"Just as the negro attempted to make the search, Townes ducked and ran." – The Clarion-Ledger, January 20, 1937[3]

Prestage claimed to have shot at Townes, several times, but missed.[3] It was reported that, on the night that Townes ran, he snuck back on the property to get his wife, officially making them both fugitives.[3] However, given Townes had allegedly escaped from prison, and murdered Windham days earlier, it was not reconciled how he "became" a fugitive when he already was a fugitive.

At some point, Sheriff Edgar E. Wright became adamant that Townes "had something to do it" [Windham's murder].[3][31] However, he did not state what led him to that conclusion. For example, he stated no connection between Townes and Windham or, given most blacks did not have cars or access to them at the time, state how Townes would have been in the car the neighbors allegedly heard.[35] However, on January 19, Townes was officially accused of the crime.[1][2] A $500 reward was offered for his capture.

On January 20, The Clarion-Ledger printed that unnamed "officers" said that "circumstantial evidence pointed strongly to Townes being the murderer."[1][36]

"On the afternoon of the murder, Townes is believed to have stolen a gun and is said to have gotten another negro to buy shells for him in Elliot of the kind with which Windham was killed." – The Clarion-Ledger, January 20, 1937[3]

It was never stated when Townes was arrested for corn theft, or how long he remained in jail before escaping. It was not reported as to why Mr. Prestage was not aware his employee was a fugitive if Townes had allegedly escaped jail more than two weeks before Mr. Prestage called the police. It also was not reported from whom, or from where, Sheriff Wright thought Townes allegedly stole the gun. No murder weapon was ever reported found. Nor was the name, or existence, of the accomplice "other negro" ever reported.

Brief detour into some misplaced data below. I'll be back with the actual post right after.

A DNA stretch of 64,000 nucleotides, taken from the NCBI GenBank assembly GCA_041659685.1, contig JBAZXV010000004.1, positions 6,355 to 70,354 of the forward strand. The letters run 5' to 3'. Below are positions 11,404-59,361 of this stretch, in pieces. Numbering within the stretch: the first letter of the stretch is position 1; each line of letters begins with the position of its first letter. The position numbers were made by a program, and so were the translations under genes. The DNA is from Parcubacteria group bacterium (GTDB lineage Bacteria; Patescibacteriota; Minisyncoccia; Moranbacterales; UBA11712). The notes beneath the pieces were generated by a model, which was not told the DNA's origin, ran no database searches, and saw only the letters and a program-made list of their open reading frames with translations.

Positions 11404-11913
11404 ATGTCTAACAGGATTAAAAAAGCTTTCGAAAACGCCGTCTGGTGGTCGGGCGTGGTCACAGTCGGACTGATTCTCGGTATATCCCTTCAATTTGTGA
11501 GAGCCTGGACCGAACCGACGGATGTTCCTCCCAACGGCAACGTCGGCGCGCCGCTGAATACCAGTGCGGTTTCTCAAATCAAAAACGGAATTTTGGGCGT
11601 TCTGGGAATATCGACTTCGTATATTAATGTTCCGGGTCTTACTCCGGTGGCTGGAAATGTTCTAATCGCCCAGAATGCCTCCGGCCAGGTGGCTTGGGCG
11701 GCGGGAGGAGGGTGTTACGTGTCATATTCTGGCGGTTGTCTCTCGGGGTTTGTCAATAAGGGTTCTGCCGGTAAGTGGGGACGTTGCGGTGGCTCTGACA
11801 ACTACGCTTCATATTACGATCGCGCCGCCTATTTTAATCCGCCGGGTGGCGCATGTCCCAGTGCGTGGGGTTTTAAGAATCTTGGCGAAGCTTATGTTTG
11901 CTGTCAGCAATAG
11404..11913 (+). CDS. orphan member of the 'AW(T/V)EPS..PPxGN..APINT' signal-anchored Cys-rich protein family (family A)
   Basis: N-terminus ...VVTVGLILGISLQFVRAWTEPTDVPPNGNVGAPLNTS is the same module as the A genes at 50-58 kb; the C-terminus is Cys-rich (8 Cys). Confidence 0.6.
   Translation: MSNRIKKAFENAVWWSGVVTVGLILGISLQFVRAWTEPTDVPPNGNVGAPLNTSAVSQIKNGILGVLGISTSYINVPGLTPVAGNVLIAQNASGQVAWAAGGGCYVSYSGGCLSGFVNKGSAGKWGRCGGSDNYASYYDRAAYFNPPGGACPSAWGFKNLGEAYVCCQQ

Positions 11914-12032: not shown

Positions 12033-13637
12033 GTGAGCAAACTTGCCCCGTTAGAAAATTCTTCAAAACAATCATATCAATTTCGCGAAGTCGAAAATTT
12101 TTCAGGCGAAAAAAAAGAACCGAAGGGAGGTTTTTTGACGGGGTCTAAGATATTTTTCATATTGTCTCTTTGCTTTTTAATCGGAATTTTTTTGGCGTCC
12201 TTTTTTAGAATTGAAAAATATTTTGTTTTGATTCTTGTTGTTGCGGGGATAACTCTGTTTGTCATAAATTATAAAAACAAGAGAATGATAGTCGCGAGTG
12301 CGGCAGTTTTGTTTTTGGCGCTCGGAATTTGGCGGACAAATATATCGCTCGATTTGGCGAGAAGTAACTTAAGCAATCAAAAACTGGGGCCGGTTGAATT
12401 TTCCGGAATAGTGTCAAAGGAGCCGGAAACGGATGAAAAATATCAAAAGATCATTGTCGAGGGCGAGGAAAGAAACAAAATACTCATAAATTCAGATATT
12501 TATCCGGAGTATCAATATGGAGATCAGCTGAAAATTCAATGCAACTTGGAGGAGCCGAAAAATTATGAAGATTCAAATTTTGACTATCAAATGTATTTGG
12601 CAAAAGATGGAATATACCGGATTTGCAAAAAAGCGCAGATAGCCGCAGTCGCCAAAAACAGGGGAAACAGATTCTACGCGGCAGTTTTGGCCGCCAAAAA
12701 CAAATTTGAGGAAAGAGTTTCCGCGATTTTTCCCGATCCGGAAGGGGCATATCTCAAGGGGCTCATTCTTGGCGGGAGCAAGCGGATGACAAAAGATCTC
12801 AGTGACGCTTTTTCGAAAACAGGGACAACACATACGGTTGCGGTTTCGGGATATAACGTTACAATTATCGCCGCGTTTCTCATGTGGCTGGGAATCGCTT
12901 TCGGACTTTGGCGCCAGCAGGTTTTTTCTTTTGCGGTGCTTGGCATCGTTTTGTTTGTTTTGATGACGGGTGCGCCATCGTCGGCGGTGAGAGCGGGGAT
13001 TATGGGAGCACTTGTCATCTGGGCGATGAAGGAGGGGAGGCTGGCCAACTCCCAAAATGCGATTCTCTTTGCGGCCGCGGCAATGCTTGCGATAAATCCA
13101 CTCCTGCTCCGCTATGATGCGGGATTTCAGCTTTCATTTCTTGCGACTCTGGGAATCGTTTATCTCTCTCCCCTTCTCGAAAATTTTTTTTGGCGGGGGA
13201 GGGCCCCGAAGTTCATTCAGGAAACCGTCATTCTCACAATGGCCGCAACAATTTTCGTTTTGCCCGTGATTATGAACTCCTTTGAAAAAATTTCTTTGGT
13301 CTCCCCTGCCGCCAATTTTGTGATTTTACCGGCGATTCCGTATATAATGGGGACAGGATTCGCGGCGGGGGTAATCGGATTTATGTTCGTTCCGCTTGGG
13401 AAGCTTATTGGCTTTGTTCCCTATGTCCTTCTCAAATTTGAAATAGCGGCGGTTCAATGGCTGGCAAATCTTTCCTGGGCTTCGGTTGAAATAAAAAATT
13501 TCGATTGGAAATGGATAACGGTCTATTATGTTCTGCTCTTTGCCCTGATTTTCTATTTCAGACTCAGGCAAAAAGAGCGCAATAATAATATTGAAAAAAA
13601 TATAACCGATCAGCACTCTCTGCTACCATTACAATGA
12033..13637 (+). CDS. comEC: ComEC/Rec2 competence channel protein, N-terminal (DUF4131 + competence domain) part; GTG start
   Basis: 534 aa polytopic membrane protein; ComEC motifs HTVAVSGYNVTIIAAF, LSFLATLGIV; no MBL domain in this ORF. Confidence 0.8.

Conversely, while on January 20, it was reported that Townes had escaped jail two weeks before the murder, the timing contradicted with the April 6, by the same newspaper, which stated that Townes escaped "just three days" before the murder.[3][33]

Kidnapping[edit]

Sheriff Edgar E. Wright obtained a "small Kodak 10-cent snapshot of Townes" and sent it to the Jackson Bureau of Investigation where "the tiny picture was enlarged."[33] One hundred copies were printed and sent them to "all police departments around the south."

on April 2, Townes was allegedly found in Memphis.[1] The Memphis Police Department arrested him and attributed the following confession to him:

"I stole a 12-gauge shotgun from my brother-in-law. I went to Mr. Windham's store. He was opening a box of sardines. I shot him through the window. I went into his pockets. From his lefthand pocket I took a pocketbook. I got $60 from the pocketbook and the cash register."[1][37]